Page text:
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(Hopefully) Constructive Feedback on Mark Baker's Article

Stefan Tilkov,

Update: Mark Mark responded; I’ll try to comment ASAP.

I have to admit that the last post about Mark Baker’s article was a bit harsh — and definitely did not contain much constructive criticism. So I probably deserved the comment I got from Mark. Let me try to go into more detail about the problems I have with what Mark has written:

As a proponent of using the REST architectural style for Web services development, I’ve often been frustrated when I hear REST dismissed out of hand as a solution for some problems, while at the same time, “document style Web services” are deemed amply suitable for it. This frustration stems from my view of REST as a generalization - an “uber architecture” of sorts - of coarse grained, loosely coupled, document oriented approaches to application integration, which suggests to me that anything that can be accomplished with document style Web services, can be accomplished within the constraints of REST, and in a not too dissimilar way either.

Up to this point, I totally agree. I don’t claim to be an expert in REST in any respect, but from what I have gathered about it so far, it definitely seems that the ideas behind REST are applicable for a lot of scenarios.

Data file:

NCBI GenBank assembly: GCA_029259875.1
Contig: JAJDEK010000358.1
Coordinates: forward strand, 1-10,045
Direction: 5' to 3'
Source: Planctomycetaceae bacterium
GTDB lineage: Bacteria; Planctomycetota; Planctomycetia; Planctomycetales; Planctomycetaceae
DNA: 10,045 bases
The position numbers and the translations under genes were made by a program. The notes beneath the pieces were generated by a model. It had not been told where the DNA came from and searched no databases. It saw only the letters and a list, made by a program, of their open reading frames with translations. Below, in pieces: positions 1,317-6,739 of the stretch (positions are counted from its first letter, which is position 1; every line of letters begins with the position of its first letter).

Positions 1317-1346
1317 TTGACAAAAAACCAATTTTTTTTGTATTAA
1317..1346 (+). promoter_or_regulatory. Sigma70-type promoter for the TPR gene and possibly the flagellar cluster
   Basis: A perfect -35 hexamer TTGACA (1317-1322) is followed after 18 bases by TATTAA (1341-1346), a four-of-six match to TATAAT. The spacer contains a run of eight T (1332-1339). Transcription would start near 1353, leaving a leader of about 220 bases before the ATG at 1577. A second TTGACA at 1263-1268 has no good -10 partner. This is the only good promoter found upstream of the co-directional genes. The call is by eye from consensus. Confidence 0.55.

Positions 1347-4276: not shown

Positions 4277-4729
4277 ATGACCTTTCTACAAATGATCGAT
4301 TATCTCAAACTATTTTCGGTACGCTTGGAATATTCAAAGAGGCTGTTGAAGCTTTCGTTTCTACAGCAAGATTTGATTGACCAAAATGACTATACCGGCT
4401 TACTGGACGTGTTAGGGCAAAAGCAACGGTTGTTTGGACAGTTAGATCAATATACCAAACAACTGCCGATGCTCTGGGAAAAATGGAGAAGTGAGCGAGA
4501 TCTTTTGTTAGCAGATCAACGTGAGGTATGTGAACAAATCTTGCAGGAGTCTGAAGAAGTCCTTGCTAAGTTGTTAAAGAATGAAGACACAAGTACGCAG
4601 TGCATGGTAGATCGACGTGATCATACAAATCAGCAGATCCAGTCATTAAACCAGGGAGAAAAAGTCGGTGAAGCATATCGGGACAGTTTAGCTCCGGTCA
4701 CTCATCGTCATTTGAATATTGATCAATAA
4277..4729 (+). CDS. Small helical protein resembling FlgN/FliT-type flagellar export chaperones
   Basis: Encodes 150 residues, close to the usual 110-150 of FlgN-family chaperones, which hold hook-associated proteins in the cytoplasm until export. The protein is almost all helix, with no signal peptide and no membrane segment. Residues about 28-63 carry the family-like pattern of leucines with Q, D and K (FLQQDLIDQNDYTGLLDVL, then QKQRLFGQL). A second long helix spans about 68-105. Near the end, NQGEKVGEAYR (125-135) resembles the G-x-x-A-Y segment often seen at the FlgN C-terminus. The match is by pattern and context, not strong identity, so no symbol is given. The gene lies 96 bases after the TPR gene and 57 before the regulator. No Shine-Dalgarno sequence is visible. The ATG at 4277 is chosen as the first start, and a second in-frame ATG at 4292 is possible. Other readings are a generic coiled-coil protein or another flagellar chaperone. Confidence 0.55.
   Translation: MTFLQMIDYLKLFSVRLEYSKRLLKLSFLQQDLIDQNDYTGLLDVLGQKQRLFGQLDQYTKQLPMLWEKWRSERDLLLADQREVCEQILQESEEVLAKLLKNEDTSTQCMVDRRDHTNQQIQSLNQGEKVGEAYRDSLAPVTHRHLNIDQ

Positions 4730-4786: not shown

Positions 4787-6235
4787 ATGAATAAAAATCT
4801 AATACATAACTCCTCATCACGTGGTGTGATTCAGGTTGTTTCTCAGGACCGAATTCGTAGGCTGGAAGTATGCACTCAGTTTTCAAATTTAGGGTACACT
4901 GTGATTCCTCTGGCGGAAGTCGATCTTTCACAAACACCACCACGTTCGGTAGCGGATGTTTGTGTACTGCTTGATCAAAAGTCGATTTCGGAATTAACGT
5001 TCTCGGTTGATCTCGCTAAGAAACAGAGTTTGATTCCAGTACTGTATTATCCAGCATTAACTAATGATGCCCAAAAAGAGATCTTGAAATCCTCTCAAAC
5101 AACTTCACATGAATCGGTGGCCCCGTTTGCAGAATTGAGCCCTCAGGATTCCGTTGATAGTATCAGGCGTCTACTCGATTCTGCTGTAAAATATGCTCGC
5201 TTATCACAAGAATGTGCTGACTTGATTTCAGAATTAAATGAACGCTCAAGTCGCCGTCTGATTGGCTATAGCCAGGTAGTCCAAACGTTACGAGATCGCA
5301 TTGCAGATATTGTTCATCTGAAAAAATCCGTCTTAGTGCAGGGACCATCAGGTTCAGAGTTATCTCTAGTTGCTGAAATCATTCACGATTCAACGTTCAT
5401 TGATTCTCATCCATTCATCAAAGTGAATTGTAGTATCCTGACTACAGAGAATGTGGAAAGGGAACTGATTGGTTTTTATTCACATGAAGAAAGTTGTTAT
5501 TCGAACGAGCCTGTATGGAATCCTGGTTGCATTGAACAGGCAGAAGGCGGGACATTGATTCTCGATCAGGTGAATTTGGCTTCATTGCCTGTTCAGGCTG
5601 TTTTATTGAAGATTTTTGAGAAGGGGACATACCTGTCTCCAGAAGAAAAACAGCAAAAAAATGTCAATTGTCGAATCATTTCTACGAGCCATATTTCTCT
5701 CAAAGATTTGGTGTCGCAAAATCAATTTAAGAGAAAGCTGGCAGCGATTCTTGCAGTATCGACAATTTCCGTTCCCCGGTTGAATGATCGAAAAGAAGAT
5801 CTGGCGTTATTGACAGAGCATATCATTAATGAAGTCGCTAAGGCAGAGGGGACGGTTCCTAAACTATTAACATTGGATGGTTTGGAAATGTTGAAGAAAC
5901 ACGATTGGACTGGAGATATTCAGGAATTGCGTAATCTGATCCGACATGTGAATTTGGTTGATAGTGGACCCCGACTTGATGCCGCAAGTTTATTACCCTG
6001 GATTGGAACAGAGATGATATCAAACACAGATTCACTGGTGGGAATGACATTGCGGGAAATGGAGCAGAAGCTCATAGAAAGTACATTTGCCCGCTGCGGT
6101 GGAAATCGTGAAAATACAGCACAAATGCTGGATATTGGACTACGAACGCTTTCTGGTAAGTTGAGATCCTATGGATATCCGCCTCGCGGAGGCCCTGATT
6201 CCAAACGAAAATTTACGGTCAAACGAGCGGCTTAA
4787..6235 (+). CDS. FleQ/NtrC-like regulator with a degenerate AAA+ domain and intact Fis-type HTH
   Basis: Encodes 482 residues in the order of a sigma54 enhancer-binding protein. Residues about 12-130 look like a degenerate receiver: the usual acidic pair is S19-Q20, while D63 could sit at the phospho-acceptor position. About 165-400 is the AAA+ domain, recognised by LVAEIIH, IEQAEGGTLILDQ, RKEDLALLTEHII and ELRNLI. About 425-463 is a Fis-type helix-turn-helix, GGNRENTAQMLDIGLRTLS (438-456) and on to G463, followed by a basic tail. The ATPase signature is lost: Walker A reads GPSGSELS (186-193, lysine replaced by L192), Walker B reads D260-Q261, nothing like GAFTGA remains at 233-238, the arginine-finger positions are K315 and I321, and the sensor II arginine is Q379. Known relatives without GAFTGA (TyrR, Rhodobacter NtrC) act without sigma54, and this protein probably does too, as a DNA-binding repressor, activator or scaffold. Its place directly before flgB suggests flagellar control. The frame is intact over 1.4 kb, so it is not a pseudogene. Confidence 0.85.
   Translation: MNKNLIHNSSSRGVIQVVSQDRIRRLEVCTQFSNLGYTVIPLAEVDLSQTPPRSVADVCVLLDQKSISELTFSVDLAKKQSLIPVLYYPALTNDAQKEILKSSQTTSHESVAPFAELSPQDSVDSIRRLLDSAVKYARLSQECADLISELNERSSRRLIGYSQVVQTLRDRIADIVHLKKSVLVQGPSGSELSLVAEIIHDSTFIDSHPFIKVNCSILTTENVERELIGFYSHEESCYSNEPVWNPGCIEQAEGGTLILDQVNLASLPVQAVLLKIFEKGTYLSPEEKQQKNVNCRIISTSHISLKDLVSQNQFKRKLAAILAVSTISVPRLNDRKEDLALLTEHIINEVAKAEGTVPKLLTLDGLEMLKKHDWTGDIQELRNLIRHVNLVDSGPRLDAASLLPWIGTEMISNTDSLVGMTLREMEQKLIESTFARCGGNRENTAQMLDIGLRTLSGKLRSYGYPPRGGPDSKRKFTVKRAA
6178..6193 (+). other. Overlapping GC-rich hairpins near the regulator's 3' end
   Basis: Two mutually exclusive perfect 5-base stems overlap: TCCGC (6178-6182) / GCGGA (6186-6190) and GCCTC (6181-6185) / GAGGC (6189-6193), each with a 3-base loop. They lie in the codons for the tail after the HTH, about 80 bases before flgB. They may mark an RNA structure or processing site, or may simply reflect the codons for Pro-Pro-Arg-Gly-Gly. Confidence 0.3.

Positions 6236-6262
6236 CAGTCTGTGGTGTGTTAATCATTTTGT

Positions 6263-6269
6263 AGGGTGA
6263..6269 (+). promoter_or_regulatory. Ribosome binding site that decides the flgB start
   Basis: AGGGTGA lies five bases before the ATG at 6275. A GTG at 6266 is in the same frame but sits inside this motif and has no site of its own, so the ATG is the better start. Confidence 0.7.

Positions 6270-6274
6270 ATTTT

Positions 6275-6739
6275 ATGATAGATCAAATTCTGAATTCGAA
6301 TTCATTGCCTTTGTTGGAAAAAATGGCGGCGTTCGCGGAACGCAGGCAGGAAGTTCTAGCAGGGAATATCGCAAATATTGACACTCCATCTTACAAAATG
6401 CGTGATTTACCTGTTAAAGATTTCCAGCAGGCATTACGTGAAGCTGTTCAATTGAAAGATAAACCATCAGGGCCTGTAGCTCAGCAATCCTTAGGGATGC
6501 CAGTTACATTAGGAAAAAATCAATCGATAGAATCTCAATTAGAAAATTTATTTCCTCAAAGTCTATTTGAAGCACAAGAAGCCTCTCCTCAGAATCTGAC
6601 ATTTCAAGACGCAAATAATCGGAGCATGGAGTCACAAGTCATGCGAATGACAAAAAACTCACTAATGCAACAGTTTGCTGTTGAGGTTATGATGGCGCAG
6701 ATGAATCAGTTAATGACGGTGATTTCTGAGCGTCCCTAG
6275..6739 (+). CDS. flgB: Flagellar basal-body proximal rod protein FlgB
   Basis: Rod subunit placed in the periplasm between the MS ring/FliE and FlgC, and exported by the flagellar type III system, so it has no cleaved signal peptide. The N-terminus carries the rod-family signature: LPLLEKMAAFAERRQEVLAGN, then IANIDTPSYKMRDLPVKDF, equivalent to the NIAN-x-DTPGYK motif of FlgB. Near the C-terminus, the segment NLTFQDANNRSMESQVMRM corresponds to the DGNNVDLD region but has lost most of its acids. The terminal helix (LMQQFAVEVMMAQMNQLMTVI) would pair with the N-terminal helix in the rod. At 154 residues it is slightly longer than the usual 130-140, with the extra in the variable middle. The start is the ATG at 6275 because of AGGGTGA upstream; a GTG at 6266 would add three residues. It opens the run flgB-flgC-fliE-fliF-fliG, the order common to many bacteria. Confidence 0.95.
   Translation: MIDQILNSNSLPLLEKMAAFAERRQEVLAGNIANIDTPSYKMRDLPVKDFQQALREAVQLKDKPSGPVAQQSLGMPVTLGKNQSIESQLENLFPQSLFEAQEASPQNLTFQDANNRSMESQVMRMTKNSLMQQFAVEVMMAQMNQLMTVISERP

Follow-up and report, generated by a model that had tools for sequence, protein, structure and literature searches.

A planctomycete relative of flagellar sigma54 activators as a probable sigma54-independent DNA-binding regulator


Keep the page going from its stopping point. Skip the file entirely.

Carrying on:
In this essay, I’ll describe how core features of the Web relate to document style services, and in doing so, will describe how to build the Web with Web services.

Wow! This is going to be a great article — finally somebody who gets both REST and whatever-you-want-to-call-non-RESTual-services, is going to explain the differences and similarities! I’m thrilled.

What a document isn’t, at least by the (IMO, accurate) use of the term in a Web services context, is a bag-o-bits which isn’t asking anything of anyone; the current time, a purchase order, a signup sheet for pickup floor hockey.

Er … well, I think I can see the point, but I can’t really make sense of the examples. So, a purchase order isn’t asking anything from anyone? That can’t be true — so obviously, these are counter examples - a purchase order is asking something. Looking at the paragraph, even for some length of time, I have problems finding out what exactly Mark is getting at - I fail to see the similarity between a pure piece of data like current time and a very concrete, business level document like purchase order. Arguably, it’s just not phrased very clearly, or maybe it’s because I’m not a native English speaker.

They aren’t asking anything of anyone, because their job is simply to capture state; a signup sheet captures the state of those who desire to play, a purchase order captures the state of the desire of a purchaser to acquire some goods or service, and the time, well, communicates the state of some clock.

Now I’m totally lost. (Again, probably my English.) A purchase order isn’t asking anything of anyone, if just captures the desire of a purchase to acquire some goods or service? When I write a purchase order, I clearly ask the supplier to deliver some sort of goods to me. How can this not be asking for something?

Documents are state.

OK, I’ll buy that and move on, there’s surely going to be some more detailed explanation about this later, right?